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4 hours ago, Brooklyn Beer said:

Question on the BAT to regulator ground.  Would that check not show up as a drained battery and not charging on the amp gauge?

 

Sort of. I was really curious what the voltage was. With the system revved up and actually charging, and the battery full, charging voltage should be something like 7.5 or so (book would tell for sure). 

 

The regulator BAT terminal is the output terminal of the charging system, similar to the big terminal on the back of the alternator on an alternator charging system. All of this voltage (7.5 or whatever) should make it to the battery, but in the real world there is a little loss. Hopefully not much. If the battery voltage is real close to the BAT terminal voltage, and both are up where they should be  that proves everything is ok through the ammeter and back to the battery.

 

Since the light is dim, the voltage at the light must be low. Obviously not 7.5-ish or even close. Voltage would be supplied probably from an ammeter terminal (which we may have just proven ok). It would be the ammeter terminal that connects to the regulator BAT terminal. Power for stuff on the car is tapped there so that power used by accessories (lights etc) will not register as charge on the ammeter, only current that is charging the battery.

 

Assuming the ammeter circuit is ok, current flows from the ammeter terminal, through the light switch, which usually has a circuit breaker (that introduces some loss), through the dimmer switch, and on out to the lights.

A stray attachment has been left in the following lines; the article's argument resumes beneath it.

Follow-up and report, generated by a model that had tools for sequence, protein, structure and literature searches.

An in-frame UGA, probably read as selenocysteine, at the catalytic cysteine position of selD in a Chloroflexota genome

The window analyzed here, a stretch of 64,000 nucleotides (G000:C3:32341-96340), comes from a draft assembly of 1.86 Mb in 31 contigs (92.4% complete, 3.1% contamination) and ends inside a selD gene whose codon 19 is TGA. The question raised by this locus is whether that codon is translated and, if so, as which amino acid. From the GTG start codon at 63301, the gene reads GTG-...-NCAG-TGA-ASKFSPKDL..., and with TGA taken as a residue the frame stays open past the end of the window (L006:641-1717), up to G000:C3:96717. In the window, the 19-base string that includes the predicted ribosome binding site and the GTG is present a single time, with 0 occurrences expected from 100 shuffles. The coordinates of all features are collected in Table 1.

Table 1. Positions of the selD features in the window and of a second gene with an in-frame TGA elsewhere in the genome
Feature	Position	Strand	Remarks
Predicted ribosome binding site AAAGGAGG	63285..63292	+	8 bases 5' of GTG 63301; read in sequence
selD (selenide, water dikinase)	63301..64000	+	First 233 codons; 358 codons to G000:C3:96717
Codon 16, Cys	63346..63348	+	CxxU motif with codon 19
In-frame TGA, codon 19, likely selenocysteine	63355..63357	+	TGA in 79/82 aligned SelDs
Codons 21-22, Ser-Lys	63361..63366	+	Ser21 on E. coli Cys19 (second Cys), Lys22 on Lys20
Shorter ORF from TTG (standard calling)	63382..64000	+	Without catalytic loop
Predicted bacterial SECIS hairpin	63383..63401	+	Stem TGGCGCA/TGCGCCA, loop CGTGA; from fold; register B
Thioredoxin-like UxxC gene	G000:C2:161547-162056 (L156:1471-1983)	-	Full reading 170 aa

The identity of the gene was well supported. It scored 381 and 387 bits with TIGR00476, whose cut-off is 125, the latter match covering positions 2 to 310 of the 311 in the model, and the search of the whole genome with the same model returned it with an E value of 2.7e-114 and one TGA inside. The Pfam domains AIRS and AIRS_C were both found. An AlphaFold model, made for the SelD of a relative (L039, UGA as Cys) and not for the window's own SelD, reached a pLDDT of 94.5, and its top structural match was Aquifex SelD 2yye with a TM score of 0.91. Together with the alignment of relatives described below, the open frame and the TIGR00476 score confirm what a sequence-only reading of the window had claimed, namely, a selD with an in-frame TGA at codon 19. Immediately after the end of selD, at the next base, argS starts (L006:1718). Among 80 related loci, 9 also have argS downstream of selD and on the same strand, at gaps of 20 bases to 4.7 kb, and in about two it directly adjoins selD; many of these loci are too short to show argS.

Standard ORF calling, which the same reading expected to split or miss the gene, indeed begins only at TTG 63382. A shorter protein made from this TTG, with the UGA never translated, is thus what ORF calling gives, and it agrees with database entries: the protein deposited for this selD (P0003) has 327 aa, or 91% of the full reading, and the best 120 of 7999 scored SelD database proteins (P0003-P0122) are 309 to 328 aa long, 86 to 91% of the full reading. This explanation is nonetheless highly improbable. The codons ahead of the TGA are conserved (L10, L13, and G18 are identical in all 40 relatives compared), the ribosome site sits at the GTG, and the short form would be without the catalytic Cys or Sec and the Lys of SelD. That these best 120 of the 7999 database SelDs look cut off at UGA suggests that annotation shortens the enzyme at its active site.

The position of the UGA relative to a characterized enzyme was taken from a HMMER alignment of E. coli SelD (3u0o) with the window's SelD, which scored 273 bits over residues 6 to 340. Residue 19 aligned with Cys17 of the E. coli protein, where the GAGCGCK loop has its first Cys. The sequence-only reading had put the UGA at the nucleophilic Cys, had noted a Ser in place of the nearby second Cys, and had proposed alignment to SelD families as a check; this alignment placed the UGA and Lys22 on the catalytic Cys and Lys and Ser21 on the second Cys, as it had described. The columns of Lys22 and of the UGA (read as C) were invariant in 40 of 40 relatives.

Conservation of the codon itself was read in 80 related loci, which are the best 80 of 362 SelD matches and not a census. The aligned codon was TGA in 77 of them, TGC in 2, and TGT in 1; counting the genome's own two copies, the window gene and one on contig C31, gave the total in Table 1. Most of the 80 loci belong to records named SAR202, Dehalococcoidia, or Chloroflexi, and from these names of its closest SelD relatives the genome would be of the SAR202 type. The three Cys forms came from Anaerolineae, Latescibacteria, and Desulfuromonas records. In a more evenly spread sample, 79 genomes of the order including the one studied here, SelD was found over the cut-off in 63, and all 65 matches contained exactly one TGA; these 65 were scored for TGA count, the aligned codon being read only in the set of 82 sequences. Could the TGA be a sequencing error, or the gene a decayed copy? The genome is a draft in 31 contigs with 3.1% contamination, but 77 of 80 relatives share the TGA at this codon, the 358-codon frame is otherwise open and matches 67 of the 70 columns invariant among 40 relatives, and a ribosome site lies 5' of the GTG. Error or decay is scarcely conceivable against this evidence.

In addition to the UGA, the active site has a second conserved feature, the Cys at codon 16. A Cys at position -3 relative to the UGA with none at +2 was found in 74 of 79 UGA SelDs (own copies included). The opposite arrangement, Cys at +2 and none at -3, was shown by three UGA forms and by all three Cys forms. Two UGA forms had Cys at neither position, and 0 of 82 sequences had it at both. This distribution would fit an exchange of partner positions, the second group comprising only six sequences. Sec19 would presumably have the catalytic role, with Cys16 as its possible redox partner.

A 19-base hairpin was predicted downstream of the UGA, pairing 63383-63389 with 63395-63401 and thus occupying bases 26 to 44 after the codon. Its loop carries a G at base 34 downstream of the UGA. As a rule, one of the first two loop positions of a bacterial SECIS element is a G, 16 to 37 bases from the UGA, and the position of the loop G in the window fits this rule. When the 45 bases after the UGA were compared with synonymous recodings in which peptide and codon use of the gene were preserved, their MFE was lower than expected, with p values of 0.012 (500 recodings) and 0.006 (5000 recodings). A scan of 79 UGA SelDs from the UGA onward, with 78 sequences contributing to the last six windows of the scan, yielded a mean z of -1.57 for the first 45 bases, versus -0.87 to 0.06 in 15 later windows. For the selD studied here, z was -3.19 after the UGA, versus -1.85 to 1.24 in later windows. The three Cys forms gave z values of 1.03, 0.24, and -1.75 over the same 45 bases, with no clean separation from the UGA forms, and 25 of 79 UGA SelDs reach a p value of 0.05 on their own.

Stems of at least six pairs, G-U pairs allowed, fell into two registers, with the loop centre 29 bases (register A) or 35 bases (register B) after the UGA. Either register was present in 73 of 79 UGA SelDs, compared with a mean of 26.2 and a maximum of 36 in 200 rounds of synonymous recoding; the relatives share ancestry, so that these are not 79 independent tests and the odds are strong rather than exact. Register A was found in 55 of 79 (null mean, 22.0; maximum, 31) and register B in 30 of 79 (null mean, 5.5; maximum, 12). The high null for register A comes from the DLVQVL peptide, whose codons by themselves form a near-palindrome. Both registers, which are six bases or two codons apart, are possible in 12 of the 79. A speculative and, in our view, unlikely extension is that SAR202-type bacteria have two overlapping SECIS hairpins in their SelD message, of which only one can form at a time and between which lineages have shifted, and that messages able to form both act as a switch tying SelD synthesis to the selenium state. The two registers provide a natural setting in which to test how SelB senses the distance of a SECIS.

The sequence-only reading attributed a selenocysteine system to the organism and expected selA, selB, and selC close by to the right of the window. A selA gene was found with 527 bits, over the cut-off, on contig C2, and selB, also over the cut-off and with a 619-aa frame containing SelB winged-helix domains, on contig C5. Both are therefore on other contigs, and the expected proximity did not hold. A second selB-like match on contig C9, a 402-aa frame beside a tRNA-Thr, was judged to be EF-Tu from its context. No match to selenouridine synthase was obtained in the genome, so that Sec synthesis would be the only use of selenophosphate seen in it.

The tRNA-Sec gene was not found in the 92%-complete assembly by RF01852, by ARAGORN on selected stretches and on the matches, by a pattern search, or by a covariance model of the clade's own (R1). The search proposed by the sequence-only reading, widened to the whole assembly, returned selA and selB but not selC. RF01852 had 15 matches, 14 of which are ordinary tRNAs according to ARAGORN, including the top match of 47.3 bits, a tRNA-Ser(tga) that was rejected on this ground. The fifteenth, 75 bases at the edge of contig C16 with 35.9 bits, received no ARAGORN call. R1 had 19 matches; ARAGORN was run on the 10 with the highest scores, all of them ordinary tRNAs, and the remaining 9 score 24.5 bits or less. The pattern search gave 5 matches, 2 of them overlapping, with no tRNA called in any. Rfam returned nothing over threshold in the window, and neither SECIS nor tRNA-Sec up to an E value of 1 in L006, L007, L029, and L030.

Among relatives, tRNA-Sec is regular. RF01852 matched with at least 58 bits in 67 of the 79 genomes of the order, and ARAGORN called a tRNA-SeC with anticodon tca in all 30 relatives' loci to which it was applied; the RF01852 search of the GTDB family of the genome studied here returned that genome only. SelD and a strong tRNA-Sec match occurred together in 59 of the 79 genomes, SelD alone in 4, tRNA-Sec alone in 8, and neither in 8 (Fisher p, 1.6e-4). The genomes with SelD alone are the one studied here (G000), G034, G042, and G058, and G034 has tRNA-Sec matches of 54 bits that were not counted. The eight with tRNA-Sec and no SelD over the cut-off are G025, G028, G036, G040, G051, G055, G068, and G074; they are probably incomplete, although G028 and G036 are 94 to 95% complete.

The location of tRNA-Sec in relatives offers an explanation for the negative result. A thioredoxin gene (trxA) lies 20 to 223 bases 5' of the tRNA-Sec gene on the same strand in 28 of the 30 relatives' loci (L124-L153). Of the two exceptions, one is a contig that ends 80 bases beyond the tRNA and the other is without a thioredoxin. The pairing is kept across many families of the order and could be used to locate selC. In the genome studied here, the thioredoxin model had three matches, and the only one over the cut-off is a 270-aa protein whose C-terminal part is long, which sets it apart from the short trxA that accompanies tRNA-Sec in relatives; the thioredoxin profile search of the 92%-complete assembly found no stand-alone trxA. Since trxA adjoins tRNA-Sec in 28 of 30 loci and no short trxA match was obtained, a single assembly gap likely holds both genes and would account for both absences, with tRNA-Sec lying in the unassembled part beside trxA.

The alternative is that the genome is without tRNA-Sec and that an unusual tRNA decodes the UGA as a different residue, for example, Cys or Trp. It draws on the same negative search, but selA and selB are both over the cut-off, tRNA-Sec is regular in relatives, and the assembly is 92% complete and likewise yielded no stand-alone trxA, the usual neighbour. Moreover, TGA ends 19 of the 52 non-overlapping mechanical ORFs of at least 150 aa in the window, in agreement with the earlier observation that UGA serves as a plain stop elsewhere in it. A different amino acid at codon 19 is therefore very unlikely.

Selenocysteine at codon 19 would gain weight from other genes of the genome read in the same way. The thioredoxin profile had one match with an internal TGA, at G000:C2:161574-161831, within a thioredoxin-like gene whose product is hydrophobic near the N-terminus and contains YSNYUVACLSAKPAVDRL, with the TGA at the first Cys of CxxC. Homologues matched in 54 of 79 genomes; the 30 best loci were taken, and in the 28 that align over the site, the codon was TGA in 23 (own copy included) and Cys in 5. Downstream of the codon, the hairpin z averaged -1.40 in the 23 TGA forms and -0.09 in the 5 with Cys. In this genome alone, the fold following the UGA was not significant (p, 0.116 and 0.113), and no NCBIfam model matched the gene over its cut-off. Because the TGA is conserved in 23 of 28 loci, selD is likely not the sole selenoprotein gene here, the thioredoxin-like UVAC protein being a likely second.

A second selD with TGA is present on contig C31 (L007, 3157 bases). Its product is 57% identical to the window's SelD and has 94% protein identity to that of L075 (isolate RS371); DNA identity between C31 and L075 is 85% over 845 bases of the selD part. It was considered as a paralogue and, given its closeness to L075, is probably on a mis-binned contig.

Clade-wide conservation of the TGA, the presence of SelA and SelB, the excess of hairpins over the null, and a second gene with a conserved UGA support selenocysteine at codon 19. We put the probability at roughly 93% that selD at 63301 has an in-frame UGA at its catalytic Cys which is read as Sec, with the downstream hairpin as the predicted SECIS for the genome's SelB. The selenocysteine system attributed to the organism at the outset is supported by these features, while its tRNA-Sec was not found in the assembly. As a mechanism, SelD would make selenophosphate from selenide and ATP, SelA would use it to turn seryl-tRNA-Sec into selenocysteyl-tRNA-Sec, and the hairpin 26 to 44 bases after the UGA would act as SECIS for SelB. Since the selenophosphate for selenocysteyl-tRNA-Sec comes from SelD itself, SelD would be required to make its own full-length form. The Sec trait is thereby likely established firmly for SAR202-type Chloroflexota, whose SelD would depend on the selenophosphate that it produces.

On the other hand, yes, you could have just lost the ground to the headlights. If that is the problem, the headlights find their ground through the unused filaments in the headlights. If you look inside, you will see both filaments glowing. Should be only one if the ground is ok. Good luck.

 

Sorry for the thread derail guys... back to bargain Mopars.

 

 

Edited by Bloo (see edit history)
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Gotcha.  And we are talking bargains and the Chrysler was a bargain so issues with a bargain are good topics. A lot of folks followed this bargain and I was lucky enough to have grabbed it. So if the weather is good tomorrow I will check out what we talked about.  My stupid "Holy crap that is a grenade" arthritis is acting up with the cold mist but we are working on it with a coupling heaping helpings of Irish Whiskey

Edited by Brooklyn Beer (see edit history)